Welcome to the home page for Environmental Law, the nation’s oldest law review dedicated solely to environmental issues. Environmental Law is a premier legal forum for environmental and natural resources scholarship.
Environmental Law is published quarterly by the students of Lewis & Clark Law School, 10015 S.W. Terwilliger Blvd., Portland, OR 97219, in the Spring, Summer, Fall, and Winter. The views expressed in the volumes do not necessarily reflect those of the editorial boards.
Visit Environmental Law’s companion online journal (currently being reconstructed), where you will find selected articles and essays from our print journal, web-only articles, and an archive of our 9th Circuit case reviews. You can also share your thoughts on what you see there by posting comments and engaging in an online conversation with other legal minds.
Our Latest Issue: Vol. 43 No. 1
The author explores the moral implication of a proposal to create an international market in whale shares as an alternative to the dysfunctional International Whaling Commission She finds the proposal amoral because whales, like humans, have an intrinsic right to life. Since this leaves whales vulnerable to whale hunting nations, she suggests that international environmental organizations might help a whale preservation norm emerge in whaling nations by using education and interventionist activities that focus on whaling’s cruelty to ultimately encourage the citizens and governments of those nations to change their self-image as whale eating cultures.
Frayed Seams in the “Patchwork Quilt” of American Federalism: An Empirical Analysis of Invasive Plant Species Regulation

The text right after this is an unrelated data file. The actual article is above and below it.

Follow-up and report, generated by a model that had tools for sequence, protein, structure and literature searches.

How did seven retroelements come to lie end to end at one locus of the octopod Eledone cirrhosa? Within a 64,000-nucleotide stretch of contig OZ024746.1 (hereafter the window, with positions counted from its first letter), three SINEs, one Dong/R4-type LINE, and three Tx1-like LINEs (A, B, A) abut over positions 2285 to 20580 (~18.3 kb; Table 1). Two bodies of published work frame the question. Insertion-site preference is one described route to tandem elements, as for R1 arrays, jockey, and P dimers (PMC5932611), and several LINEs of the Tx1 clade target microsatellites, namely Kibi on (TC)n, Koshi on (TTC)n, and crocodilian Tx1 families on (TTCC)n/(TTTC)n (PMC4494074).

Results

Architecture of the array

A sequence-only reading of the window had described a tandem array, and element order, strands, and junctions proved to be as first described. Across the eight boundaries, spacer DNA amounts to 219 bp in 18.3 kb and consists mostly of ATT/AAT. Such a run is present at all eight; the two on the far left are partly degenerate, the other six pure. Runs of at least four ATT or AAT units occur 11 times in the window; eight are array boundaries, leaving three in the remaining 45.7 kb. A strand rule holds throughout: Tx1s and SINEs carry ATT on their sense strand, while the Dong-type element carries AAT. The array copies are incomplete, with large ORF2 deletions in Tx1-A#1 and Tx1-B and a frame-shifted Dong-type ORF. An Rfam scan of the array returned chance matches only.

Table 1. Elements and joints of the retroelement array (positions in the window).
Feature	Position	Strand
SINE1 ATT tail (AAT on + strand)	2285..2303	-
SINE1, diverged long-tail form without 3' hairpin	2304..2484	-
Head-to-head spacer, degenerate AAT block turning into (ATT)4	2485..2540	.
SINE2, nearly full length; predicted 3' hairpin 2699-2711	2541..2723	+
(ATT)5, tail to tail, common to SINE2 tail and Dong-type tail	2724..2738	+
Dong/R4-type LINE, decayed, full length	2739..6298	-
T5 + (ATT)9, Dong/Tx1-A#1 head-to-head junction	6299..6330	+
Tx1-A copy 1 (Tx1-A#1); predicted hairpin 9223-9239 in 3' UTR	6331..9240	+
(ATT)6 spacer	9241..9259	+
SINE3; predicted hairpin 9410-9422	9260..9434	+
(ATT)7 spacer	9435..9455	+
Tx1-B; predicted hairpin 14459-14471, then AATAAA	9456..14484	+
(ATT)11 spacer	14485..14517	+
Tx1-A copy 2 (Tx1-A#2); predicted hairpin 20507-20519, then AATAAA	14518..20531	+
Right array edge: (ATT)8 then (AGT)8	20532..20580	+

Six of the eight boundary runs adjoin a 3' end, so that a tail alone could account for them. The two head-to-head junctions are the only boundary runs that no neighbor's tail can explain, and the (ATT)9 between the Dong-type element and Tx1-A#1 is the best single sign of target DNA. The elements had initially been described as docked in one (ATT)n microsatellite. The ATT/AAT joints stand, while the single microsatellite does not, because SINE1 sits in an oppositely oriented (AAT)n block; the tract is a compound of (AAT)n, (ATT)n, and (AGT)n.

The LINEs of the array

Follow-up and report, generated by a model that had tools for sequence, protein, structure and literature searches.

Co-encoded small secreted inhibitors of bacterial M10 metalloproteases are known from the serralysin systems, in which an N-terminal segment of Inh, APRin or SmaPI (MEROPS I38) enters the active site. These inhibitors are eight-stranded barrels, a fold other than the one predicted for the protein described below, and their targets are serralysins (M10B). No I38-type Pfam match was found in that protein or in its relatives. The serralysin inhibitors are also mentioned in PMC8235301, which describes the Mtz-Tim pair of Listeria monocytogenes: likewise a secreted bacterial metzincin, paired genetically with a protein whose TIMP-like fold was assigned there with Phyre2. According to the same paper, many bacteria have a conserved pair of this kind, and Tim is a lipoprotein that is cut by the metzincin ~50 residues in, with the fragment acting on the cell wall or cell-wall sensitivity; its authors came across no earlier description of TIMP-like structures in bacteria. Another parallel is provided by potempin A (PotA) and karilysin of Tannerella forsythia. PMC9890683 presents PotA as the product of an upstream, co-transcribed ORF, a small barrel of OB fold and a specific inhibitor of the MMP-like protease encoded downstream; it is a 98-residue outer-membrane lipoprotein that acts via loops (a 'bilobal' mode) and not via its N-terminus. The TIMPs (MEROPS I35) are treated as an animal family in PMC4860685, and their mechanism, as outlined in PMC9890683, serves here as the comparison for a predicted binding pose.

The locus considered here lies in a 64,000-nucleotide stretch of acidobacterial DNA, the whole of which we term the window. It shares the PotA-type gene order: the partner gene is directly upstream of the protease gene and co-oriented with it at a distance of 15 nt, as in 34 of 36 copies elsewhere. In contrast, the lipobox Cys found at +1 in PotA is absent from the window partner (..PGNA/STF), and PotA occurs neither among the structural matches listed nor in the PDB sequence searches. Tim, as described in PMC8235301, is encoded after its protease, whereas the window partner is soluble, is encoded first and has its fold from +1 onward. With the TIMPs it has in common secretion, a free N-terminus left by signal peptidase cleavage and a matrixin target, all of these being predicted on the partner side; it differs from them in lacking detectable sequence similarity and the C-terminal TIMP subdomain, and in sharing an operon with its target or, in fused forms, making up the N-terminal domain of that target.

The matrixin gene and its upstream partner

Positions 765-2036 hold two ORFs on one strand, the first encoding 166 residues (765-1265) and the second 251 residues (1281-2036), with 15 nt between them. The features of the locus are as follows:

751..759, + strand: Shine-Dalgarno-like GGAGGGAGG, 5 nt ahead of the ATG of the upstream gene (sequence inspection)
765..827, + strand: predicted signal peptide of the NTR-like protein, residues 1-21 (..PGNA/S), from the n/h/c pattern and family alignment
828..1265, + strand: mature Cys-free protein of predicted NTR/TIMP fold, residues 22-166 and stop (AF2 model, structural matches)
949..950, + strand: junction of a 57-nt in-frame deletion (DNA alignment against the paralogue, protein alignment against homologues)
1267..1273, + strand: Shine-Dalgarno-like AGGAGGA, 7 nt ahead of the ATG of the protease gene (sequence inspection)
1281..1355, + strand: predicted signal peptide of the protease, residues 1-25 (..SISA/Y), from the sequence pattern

James S. Neal McCubbins, A. Bryan Endres, Lauren Quinn, and Jacob N. Barney
Increased demand for biomass feedstocks to meet renewable energy mandates will require developing new and higher-yielding plant resources. Ideal biomass traits are: rapid growth and the ability to outcompete local vegetation, prolific seed production, adaptability to soil and climatic conditions, and resistance to pests and diseases. These traits typify invasive flora. Next-generation biofuel feedstocks could be more productive and profitable at the farm level, but may pose the risk of becoming invasive, which would cause economic and ecological harm. Our analysis reveals that most states fail to regulate invasive plant species (which are distinct from “noxious weeds”) and are ill-prepared, from a regulatory perspective, to manage potential ecological pressure arising from the introduction of invasive plants. We offer three recommendations to improve state responses to invasive plant species: formalization of state invasive species councils within regulatory structures; improved pre-commercialization control through weed risk assessments; and negligence-based liability regimes to shift economic incentives to control the introduction and spread of invasive plant species.
Coming to Terms with Wilderness: The Wilderness Act and the Problem of Wildlife Restoration